Oracle Corp. dazzled the market on Tuesday with its earnings and allayed fears about an executive leaving. Nonetheless, those who take the software company’s financial statements at face value continue to expose themselves to the risk of less pleasant surprises.
Rumors swirled Monday that Keith Block, Oracle’s executive vice president of North America sales and consulting, had left the company he joined in 1986. He wrote instant messages that became public recently, in which he had criticized Oracle’s hardware business and co-president Mark Hurd. Among other things, Block said Oracle “bought a dog” when it acquired Sun Microsystems for around $7.4 billion in 2009, according to news reports.
Oracle swept in with an announcement, reportedly three days ahead of schedule, that its total sales rose 1% to $10.92 billion during the three months ended May 31 compared to the same period last year. Without directly addressing the rumors, Hurd said on a conference call Monday that Oracle had asked Joanne Olsen, its senior vice president for cloud computing services, to run its North American applications business.
After the news Oracles’s stock price gained more than 3% to trade at $27.97 per share early on Tuesday, recovering some of the 2.1% in value it had shed amid the market worries on Monday.
Oracle has shuffled its executive ranks more than once. In December 2009, Oracle’s board member and president Charles Phillips told CEO Larry Ellison that he wanted to transition out of the company. Ellison asked him to stay on through the Sun integration, and in September 2010 the company announced his departure. Then Ellison’s buddy Hurd, faced with a sexual harassment lawsuit, left his job as CEO of Hewlett-Packard Co. to become president and director at Oracle in 2010. (Ellison said HP’s board had “made the worst personnel decision since the idiots on the Apple board fired Steve Jobs,” according to an August 2010 article in the New York Times.) In October that year Oracle said N.R.K. Raman resigned from the board and from his role as CEO of Oracle Financial Services Software Limited, to be replaced by Chaitanya M. Kamat. And then Oracle’s CFO Jeff Epstein resigned, after which Oracle said in April 2011 that its president Safra Catz would add his CFO responsibilities to her own; she remains in this capacity.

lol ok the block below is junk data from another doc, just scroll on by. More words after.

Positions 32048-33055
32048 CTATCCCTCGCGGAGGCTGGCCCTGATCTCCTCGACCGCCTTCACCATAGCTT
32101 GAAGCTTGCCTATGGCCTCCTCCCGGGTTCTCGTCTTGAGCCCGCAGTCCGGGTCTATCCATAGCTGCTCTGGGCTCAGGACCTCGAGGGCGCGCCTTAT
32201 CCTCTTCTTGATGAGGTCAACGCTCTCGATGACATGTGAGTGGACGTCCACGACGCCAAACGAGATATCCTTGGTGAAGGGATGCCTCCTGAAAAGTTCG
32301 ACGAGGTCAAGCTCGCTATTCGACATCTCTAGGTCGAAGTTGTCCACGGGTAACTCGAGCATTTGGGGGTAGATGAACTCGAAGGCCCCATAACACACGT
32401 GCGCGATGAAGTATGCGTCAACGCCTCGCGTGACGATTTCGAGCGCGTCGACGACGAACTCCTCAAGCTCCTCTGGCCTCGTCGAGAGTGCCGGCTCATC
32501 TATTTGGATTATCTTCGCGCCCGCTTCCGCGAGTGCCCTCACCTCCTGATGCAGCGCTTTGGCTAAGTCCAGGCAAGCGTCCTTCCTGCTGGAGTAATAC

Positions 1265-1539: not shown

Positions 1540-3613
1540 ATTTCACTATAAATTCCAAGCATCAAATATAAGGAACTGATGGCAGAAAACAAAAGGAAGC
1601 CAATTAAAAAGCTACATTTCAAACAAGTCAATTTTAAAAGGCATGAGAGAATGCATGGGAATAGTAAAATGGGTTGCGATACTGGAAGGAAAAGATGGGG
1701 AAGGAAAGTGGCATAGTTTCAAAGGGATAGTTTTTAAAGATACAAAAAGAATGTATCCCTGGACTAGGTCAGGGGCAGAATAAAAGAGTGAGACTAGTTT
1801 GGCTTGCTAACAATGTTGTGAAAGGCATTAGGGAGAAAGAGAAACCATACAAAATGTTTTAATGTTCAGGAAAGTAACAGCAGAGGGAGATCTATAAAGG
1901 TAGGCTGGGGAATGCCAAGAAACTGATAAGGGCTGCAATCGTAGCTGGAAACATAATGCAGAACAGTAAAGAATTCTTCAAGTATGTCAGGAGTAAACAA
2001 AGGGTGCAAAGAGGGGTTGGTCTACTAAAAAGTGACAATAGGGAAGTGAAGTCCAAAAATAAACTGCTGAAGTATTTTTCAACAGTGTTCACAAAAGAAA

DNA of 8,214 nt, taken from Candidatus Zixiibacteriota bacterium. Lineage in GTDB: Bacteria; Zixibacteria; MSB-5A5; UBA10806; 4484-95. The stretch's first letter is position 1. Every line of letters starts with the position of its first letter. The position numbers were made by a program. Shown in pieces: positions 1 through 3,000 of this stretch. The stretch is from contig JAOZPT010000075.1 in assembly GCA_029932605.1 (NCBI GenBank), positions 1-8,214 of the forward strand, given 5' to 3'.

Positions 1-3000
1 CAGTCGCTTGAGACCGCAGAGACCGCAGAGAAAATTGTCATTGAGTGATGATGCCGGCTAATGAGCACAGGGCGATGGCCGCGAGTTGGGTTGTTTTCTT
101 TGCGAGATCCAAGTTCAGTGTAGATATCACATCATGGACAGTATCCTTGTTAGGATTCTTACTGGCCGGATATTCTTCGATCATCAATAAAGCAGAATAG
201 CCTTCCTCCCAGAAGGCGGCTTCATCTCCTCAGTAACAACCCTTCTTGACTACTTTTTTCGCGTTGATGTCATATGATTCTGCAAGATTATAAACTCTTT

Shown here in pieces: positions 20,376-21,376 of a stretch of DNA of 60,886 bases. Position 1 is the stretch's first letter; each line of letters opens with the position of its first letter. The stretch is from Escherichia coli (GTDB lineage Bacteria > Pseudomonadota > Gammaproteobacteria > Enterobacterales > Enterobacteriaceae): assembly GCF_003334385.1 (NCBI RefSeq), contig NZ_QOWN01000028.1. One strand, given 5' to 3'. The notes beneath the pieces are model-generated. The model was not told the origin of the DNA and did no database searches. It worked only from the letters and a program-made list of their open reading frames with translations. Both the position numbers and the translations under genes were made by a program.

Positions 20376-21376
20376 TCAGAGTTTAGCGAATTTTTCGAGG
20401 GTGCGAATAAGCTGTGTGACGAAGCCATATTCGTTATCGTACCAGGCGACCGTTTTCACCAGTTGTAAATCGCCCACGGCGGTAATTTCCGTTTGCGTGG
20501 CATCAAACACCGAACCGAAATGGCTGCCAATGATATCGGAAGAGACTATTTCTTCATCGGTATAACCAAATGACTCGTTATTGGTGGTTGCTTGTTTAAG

Meanwhile Oracle has had run-ins with regulators for years. For example, the Justice Department said in October 2011 that Oracle agreed to pay more than $199.5 million for allegedly failing to meet its contractual obligations to provide the General Services Administration with accurate information about its sales practices.
Due to red flags such as these, GMI gives Oracle an F on its overall corporate governance. The company’s financial statements reflect an AGR score of 13, indicating more accounting and governance risk than 87% of comparable companies.
Some might argue that such uncertainty is already priced into Oracle’s shares, which do look cheap. As of Tuesday intra-day Oracle’s stock price amounted to 14.73 times the trailing twelve-month average of its earnings per share, compared to the industry average of 35.87 times. But to have confidence in this comparison, you must assume that Oracle’s earnings statements reflect reality.
Of course U.S. company statements are always vetted for their accuracy – with all the efficacy apparent in the system. And when a company publicly implies that sexual harassment is okay, repeatedly gets into trouble with the law, and has executive-level shuffles, this doesn’t necessarily mean it also lies about financial performance. But even so, it might be safer to do business with others who have not had such problems.
Or you could take Ellison’s word for it that his sales grew in the quarter ended this May and, like others on Tuesday, get excited enough to buy.
Region: North America
Market Cap: $ 135,123.9mm (Large Cap)
ESG Rating: F
AGR: Very Aggressive (13)